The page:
The National Book Award-winning (and Pulitzer Prize finalist) book “Arc of Justice: A Saga of Race, Civil Rights and Murder in the Jazz Age,” by Detroit native Kevin Boyle, is the focus of KDL’s Great Michigan Read book discussion.
The book recounts 1920s-era Detroit, a time when the city was a smoky swirl of jazz and speakeasies, assembly lines and fistfights. The advent of automobiles had brought workers from around the globe to compete for manufacturing jobs, and tensions often flared with the KKK in ascendance and violence rising. Ossian Sweet, a proud Negro doctor and grandson of a slave, had made the long climb from the ghetto to a home of his own in a previously all-white neighborhood. Yet just after his arrival, a mob gathered outside his house; suddenly, shots rang out: Sweet, or one of his defenders, had accidentally killed one of the whites threatening their lives and homes.
And so it began: a chain of events that brought America’s greatest attorney, Clarence Darrow, into the fray and transformed Sweet into a controversial symbol of equality. Boyle weaves the police investigation and courtroom drama of Sweet’s murder trial into an unforgettable tapestry of narrative history that documents the volatile America of the 1920s and movingly re-creates the Sweet family’s journey from slavery through the Great Migration to the middle class.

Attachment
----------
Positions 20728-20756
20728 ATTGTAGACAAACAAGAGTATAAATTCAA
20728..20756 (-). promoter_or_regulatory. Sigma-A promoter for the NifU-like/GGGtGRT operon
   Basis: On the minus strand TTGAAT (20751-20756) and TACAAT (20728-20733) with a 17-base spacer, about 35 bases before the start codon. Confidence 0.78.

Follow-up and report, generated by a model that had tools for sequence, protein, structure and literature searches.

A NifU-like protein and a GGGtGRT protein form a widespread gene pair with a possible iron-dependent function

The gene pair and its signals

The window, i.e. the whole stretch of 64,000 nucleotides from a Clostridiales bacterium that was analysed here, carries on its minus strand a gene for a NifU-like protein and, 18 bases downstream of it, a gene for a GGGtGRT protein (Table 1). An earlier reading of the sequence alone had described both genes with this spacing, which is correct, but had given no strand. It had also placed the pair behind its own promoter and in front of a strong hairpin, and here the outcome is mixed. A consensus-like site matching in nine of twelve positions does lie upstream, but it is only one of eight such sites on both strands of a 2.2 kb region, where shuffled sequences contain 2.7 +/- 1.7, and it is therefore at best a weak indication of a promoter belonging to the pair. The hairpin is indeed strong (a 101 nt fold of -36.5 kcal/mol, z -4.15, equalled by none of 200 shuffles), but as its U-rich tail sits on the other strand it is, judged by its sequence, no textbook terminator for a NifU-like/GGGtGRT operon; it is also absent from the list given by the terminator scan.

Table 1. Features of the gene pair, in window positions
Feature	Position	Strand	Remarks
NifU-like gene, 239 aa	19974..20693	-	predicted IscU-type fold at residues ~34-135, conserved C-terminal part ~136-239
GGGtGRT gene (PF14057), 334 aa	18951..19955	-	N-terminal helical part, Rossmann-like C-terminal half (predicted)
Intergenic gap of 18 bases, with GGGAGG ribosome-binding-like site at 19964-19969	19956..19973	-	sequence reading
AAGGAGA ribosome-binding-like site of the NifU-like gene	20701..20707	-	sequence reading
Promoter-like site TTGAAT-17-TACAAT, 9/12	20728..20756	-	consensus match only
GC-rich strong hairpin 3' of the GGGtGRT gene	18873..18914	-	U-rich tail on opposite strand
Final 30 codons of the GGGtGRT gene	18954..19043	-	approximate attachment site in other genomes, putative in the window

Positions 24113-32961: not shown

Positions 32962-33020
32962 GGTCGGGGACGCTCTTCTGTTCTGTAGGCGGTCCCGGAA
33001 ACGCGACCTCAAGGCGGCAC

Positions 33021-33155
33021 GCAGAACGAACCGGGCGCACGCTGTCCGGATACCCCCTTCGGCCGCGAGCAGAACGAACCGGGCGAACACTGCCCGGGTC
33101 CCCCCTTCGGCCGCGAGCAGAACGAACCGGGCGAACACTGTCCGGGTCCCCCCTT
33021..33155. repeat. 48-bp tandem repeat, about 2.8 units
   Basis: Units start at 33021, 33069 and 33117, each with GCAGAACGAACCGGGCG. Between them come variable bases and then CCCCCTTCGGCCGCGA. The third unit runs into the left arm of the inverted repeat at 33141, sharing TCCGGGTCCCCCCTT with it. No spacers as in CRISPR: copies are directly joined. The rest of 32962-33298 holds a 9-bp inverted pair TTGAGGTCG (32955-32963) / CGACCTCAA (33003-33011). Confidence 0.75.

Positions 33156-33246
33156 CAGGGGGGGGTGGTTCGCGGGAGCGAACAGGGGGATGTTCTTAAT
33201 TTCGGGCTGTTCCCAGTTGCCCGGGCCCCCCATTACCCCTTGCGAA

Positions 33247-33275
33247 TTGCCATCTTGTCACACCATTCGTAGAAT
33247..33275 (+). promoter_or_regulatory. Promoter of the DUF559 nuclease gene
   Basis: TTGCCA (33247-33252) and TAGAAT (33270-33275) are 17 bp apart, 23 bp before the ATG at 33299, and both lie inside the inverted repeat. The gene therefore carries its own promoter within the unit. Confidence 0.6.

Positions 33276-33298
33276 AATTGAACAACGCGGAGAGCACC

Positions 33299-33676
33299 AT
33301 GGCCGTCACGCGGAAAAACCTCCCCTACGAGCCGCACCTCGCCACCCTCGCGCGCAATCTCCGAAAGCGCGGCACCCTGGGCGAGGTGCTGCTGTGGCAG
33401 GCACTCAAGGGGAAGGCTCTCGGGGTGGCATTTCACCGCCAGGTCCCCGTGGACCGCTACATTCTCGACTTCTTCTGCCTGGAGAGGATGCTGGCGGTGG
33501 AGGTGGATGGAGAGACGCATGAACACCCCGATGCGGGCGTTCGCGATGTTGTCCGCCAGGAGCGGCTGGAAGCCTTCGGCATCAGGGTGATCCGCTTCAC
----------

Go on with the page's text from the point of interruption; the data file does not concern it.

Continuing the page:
KDL book discussions on “Arc of Justice” will be held at the following branches:
Tuesday, January 17, 1:30 p.m. — Sand Lake / Nelson Township branch
Wednesday, January 18, 6:30 p.m. — Plainfield Township branch
Monday, January 23, 1:00 p.m. — Gaines Township branch
Thursday, February 9, 6:30 p.m. — Grandville branch
Thursday, February 9, 6:45 p.m. — Krause Memorial branch
Tuesday, February 21, 6:30 p.m. — Wyoming branch
At 6:30 p.m. on Tuesday, February 21 at the Kentwood branch, Dr. David Pilgrim, professor and founder of the Jim Crow Museum at Ferris State University, will host a one-hour presentation that examines messages in imagery that defame blacks, women, Arabs, gays and other groups.
At 6:30 p.m. on Monday, March 19, also at the Kentwood branch, Davenport University students and local experts will provide a panel presentation that contextualizes the story of Dr. Sweet, followed by table discussions of “Arc of Justice.”
The event is part of the Great Michigan Read, which is presented by the Michigan Humanities Council in partnership with Davenport University and the Kentwood Branch Library of KDL with support from Meijer and the National Endowment for the Humanities. Davenport received a grant from the Michigan Humanities Council to bring Dr. Pilgrim to the branch.
Copies of the book and book discussion guidelines are available at KDL branches.